slide10

Water for Pharmaceutical Use

System sanitization and bioburden control

  • Systems in place to control proliferation of microbes
  • Techniques for sanitizing or sterilization
  • Consideration already during design stage – then validated
  • Special precautions if water not kept in the range of 70 to 80 degrees Celsius

6.3

slide11

Water for Pharmaceutical Use

Storage and distribution - Storage vessels

  • Design and size important
    • Serves as buffer between generation and use
    • Avoid inefficiencies and equipment stress during frequent on-off cycles
    • Short-term reserve in case of failure
  • Contamination control consideration
    • Headspace (kept wet with spray ball / distributor device)
    • Nozzles (no dead zone design)
    • Vent filters (type, testing, use of heat)
    • Pressure relief valves and burst discs (sanitary design)

6.4

slide12

Water for Pharmaceutical Use

Storage and distribution – Pipes and heat exchangers

  • Continuous circulating loop needed
  • Filtration not recommended in loop and take-off point
  • Heat exchangers:
    • Double tube plate or double plate and frame type
    • Designed to ensure no stasis of water
  • Where water is cooled before use, done in minimum time, and validated process

6.5, 6.5.1

slide13

Water for Pharmaceutical Use

Storage and distribution – Circulation pumps

  • Sanitary design with appropriate seals
  • Standby pumps
    • Can be used
    • Configured or managed in a way to avoid trapped dead zones

6.5.2

slide14

Typical water storage and distribution schematic

Hydrophobic air filter

& burst disc

Feed Water from

DI or RO

Cartridge

filter 1 µm

Spray ball

Water must be kept circulating

Optional

in-line filter

0,2 µm

UV light

Outlets

Heat Exchanger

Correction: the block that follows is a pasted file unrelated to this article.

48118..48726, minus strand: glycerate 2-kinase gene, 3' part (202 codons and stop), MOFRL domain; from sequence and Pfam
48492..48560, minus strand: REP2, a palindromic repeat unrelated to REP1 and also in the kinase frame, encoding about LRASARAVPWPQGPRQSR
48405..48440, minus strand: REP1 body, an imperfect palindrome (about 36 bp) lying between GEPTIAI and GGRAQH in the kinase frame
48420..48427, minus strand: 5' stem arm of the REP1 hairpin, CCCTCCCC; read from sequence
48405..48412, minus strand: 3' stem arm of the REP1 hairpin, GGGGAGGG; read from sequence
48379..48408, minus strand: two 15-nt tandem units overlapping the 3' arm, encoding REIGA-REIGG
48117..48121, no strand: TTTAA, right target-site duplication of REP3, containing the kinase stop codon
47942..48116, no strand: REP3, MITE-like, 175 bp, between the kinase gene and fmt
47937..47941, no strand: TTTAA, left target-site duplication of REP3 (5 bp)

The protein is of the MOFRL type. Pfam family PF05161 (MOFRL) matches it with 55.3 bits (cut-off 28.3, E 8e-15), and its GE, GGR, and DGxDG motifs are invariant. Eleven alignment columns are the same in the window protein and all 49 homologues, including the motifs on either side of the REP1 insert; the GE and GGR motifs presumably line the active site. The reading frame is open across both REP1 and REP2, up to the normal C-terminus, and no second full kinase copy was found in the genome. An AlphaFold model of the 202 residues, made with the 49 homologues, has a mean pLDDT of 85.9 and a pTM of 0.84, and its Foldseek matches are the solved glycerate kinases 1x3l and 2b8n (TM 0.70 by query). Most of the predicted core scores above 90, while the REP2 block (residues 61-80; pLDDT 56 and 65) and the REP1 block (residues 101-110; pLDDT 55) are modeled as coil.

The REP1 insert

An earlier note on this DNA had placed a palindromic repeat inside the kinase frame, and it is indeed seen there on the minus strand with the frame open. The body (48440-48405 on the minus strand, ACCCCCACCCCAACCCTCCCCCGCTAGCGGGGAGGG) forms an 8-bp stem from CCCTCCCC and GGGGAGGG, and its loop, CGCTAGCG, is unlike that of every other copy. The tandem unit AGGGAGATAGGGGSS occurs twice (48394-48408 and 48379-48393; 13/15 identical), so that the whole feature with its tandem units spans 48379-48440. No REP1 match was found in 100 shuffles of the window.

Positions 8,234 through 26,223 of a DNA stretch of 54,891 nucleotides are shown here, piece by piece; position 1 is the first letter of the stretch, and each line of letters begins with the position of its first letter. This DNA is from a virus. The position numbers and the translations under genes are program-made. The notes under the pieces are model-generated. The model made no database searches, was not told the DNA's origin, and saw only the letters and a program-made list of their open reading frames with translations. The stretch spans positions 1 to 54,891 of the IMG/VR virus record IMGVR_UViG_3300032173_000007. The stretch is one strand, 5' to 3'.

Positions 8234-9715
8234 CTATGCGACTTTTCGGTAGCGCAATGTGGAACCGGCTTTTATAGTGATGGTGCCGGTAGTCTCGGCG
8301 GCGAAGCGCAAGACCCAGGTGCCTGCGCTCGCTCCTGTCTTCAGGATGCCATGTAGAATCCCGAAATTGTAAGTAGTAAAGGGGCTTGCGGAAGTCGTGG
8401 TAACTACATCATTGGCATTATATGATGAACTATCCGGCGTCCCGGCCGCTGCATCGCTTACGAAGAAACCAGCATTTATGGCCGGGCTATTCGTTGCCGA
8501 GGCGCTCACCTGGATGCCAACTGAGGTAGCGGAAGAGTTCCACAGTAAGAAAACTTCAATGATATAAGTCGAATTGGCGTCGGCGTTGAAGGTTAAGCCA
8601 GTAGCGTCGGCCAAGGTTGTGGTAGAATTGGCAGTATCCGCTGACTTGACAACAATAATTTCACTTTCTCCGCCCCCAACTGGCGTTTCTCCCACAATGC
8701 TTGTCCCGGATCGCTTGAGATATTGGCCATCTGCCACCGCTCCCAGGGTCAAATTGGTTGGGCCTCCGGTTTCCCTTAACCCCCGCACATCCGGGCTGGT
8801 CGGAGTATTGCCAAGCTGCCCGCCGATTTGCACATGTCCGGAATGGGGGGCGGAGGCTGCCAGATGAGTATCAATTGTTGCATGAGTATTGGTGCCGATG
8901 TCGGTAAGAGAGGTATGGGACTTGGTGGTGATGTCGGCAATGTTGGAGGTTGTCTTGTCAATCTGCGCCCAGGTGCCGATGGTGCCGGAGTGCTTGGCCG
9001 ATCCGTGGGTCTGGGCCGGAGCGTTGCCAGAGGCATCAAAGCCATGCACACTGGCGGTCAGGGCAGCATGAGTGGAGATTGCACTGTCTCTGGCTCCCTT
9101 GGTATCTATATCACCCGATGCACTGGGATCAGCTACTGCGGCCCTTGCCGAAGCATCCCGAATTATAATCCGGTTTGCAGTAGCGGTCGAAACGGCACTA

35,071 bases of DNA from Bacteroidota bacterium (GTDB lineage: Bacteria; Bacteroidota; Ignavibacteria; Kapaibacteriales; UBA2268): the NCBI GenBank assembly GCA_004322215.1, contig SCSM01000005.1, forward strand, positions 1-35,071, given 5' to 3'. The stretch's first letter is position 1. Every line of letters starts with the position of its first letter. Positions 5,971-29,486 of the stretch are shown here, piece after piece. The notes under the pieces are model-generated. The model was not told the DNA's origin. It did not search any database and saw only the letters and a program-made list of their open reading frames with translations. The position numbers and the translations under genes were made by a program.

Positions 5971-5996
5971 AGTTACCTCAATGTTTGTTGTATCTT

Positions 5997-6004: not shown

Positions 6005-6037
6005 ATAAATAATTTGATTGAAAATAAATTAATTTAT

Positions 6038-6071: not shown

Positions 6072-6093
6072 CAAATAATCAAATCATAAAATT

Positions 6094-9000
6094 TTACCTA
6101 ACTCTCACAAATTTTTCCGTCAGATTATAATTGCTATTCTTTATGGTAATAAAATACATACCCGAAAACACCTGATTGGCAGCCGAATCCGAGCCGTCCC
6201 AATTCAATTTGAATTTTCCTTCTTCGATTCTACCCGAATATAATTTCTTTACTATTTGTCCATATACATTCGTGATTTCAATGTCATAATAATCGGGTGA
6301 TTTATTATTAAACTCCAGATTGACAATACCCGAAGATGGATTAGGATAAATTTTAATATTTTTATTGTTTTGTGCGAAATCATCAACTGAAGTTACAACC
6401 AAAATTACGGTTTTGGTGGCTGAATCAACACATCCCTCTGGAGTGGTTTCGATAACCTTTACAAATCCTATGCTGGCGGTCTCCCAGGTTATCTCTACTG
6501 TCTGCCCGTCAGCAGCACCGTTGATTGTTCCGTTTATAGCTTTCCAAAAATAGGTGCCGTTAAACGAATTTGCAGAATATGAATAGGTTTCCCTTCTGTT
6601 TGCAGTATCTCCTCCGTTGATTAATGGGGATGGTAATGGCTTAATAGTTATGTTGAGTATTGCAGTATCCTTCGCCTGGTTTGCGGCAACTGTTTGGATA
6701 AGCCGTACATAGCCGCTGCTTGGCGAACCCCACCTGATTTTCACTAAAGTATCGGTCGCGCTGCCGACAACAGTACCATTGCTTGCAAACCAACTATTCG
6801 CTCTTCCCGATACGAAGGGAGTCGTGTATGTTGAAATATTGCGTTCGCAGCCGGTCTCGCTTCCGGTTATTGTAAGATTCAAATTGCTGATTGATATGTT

Air break

to drain

Ozone Generator

Hygienic pump

Water for Pharmaceutical Use

slide15

Water for Pharmaceutical Use

Biocontamination control techniques

  • Continuous turbulent flow circulation
    • Specified velocity proven (qualification), and monitored
  • Avoid dead legs
  • Hygienic pattern diaphragm valves
  • Shortest possible length of pipe work
  • Pipe work of ambient temperature systems, isolated from hot pipes

6.5.3

slide16

D

Flow direction arrows on pipes are important

Dead leg section

X

>1.5D

If D=25mm & distance X isgreater than 50mm, we have

a dead leg that is too long

Sanitary Valve

Water scours dead leg

Water for Pharmaceutical Use

Biocontamination control techniques (2)

There should be no dead legs

slide17

Water for Pharmaceutical Use

Biocontamination control techniques (3)

1. Ball valves are unacceptable

2. Bacteria can grow when the valve is closed

3. The water is contaminated as it passes through the valve

Stagnant water

inside valve

slide18

Water for Pharmaceutical Use

Biocontamination control techniques (4)

  • Pressure gauges separated from system membranes
  • Pipe work laid to fall (slope) – allows drainage
  • Maintain system at high temperature (above 70 degrees Celsius)
  • Use UV radiation
    • Flow rate, life-cycle of the lamp
  • Suitable construction material

6.5.3

slide19

Water for Pharmaceutical Use

Biocontamination control techniques (5)

  • Periodic sanitization with hot water
  • Periodic sanitization with super-heated hot water or clean steam
    • Reliable
    • Monitoring temperature during cycle
  • Routine chemical sanitization using, e.g. ozone
    • Removal of agent before use of water important

6.5.3